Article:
The marijuana marketplace is experiencing historic growth, with sales booming across nearly all categories. But growth among the many categories of cannabis, including flower, edibles, concentrates and topicals, is not uniform.
An interesting place to examine slow-downs in growth is edibles. The category remains the third-most-popular sales category across the three states, capturing 13 percent of the cannabis market during April of this year, according to cannabis market research group BDS Analytics. And sales between Colorado and Washington for April (recreational dispensaries in Oregon could not sell edibles during April of last year) rose 17 percent over April last year.
What may sound like great growth is unremarkable in the cannabis space, especially given the edibles category’s size relative to larger categories like flower and concentrates. Edibles sales in Colorado rose 9 percent in April compared to the previous April. Between April 2015 and April 2016, however, edibles sales rose by 77 percent. And we can’t blame this year’s declining sales in the medical channel (down 4 percent) for the brakes on growth—growth was 13 percent in the busy adult-use channel in the Centennial State—meaning we are seeing a significant slow-down in growth for edibles.
The same slow-down holds true in Washington, although it is less pronounced. Edibles grew by 47 percent in April this year, compared to the previous April. However, edibles growth in Washington was 71 percent between April 2015 and April 2016, so again we see a significant decline in growth. Meanwhile, concentrates sales in Washington rose by 85 percent in April compared to a year earlier, and the concentrates market is larger than edibles in Washington (ditto for Colorado and Oregon), second only to flower.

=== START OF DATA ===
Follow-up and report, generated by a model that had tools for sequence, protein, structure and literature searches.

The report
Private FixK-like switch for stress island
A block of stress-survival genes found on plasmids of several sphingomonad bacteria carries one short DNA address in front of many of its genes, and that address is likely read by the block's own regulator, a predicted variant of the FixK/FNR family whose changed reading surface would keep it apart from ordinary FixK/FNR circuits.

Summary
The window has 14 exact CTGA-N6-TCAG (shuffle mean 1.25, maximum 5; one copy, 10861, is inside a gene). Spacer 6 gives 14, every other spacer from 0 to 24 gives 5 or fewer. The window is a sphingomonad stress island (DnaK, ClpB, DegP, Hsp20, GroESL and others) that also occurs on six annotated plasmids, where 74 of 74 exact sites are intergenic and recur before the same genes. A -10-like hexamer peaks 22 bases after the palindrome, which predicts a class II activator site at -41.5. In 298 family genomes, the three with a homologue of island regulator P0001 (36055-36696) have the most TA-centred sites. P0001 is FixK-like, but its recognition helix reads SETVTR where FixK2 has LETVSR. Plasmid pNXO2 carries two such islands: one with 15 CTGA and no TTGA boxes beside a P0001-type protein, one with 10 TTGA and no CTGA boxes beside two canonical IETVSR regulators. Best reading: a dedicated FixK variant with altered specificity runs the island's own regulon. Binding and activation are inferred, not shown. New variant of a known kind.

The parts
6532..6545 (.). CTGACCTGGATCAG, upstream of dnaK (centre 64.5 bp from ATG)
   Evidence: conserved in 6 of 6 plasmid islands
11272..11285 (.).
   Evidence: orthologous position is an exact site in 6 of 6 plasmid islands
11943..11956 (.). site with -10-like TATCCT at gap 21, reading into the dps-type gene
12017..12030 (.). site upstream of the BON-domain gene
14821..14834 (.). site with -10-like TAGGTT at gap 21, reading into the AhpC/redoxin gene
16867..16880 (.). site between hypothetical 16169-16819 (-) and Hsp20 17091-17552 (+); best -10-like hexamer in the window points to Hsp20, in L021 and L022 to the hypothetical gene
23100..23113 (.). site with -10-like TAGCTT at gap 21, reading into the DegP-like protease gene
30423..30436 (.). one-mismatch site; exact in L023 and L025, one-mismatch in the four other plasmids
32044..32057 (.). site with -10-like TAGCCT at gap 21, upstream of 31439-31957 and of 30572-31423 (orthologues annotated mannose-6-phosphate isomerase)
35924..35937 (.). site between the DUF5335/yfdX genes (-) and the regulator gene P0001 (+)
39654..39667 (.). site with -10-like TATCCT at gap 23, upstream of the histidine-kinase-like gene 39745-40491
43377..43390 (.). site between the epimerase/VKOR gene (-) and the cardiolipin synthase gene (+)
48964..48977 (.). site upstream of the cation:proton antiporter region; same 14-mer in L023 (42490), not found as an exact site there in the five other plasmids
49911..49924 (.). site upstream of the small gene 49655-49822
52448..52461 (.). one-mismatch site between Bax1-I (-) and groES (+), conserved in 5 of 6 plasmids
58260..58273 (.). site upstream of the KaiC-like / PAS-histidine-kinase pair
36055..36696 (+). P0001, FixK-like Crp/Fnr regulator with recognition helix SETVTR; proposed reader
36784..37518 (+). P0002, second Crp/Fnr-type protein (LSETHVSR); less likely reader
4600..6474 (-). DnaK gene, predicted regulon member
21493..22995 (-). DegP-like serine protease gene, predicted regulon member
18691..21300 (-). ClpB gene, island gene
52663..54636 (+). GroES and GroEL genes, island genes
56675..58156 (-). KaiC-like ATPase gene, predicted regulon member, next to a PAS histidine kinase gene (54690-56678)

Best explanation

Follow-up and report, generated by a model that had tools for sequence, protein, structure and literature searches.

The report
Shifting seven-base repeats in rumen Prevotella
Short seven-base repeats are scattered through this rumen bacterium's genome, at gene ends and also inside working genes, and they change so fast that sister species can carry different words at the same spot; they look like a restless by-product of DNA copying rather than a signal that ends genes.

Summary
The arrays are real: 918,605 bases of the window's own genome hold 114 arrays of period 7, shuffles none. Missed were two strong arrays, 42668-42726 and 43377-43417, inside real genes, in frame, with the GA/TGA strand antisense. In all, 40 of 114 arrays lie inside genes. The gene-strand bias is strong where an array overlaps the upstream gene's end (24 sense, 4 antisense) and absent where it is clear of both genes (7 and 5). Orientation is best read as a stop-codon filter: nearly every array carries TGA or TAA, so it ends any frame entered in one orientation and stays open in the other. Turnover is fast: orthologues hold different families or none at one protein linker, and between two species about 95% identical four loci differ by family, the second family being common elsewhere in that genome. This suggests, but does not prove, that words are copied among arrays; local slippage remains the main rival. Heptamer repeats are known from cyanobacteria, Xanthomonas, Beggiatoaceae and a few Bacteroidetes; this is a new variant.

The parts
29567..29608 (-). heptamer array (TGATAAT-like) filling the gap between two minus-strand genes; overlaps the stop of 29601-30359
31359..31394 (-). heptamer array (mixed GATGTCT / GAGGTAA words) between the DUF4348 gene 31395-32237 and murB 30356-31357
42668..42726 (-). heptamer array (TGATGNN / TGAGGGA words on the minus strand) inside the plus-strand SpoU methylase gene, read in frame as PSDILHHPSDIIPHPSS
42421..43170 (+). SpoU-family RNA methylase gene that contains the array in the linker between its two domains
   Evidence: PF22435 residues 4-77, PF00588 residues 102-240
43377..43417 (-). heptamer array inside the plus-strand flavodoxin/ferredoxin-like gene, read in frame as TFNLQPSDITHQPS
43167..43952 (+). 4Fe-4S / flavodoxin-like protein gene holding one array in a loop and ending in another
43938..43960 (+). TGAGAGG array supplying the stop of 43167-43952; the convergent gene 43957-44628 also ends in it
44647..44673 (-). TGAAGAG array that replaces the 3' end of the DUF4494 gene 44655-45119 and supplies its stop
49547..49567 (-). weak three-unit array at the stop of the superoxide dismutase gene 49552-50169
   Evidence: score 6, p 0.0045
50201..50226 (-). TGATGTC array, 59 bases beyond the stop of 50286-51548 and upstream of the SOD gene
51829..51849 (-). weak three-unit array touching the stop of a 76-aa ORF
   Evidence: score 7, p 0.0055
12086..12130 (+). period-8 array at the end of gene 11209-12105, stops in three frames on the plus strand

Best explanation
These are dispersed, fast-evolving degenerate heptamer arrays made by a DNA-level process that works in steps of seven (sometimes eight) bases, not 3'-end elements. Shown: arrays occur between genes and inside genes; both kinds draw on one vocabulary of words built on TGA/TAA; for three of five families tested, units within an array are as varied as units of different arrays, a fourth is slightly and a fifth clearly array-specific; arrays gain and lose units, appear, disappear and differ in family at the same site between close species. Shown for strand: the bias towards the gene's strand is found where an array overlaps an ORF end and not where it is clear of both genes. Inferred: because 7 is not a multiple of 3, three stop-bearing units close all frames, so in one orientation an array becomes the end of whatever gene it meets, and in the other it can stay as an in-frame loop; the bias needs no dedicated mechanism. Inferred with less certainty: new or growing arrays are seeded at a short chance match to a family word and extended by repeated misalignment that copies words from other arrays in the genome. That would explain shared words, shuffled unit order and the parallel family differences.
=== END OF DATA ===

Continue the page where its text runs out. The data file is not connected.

Within the edibles marketplace, we encounter a wide range of products, from baklava to mints. In terms of growth, the biggest movement is toward candy, rather than chocolates, beverages, infused foods (like cookies) and other subcategories. In Washington and Colorado during April, the candy category grew by 28 percent, compared to growth of 16 percent for chocolate, the next largest edibles category. Much of candy’s growth is led by gummies, which vaulted up by 40 percent in April compared to April last year. Meanwhile, the No. 2 edibles category, chocolate bars (capturing 13 percent of the edibles market, compared to 24 percent for gummies), fell by 0.3 percent in April this year.
Sales trends within the states vary. For example, during April, the No. 1 edibles product in both Colorado and Oregon was gummies, but in Washington it was chocolate pieces. In Washington, gummies are—in fact—behind several categories.
As we see, all broad categories of cannabis products are continuing to perform with gusto so far this year—especially concentrates. Growth in the edibles category is slowing down, compared to growth in its main competitors for market share. But the cannabis marketplace is nothing if not fluid. It is unlikely the breakdowns in growth a year from now will mirror this year’s numbers.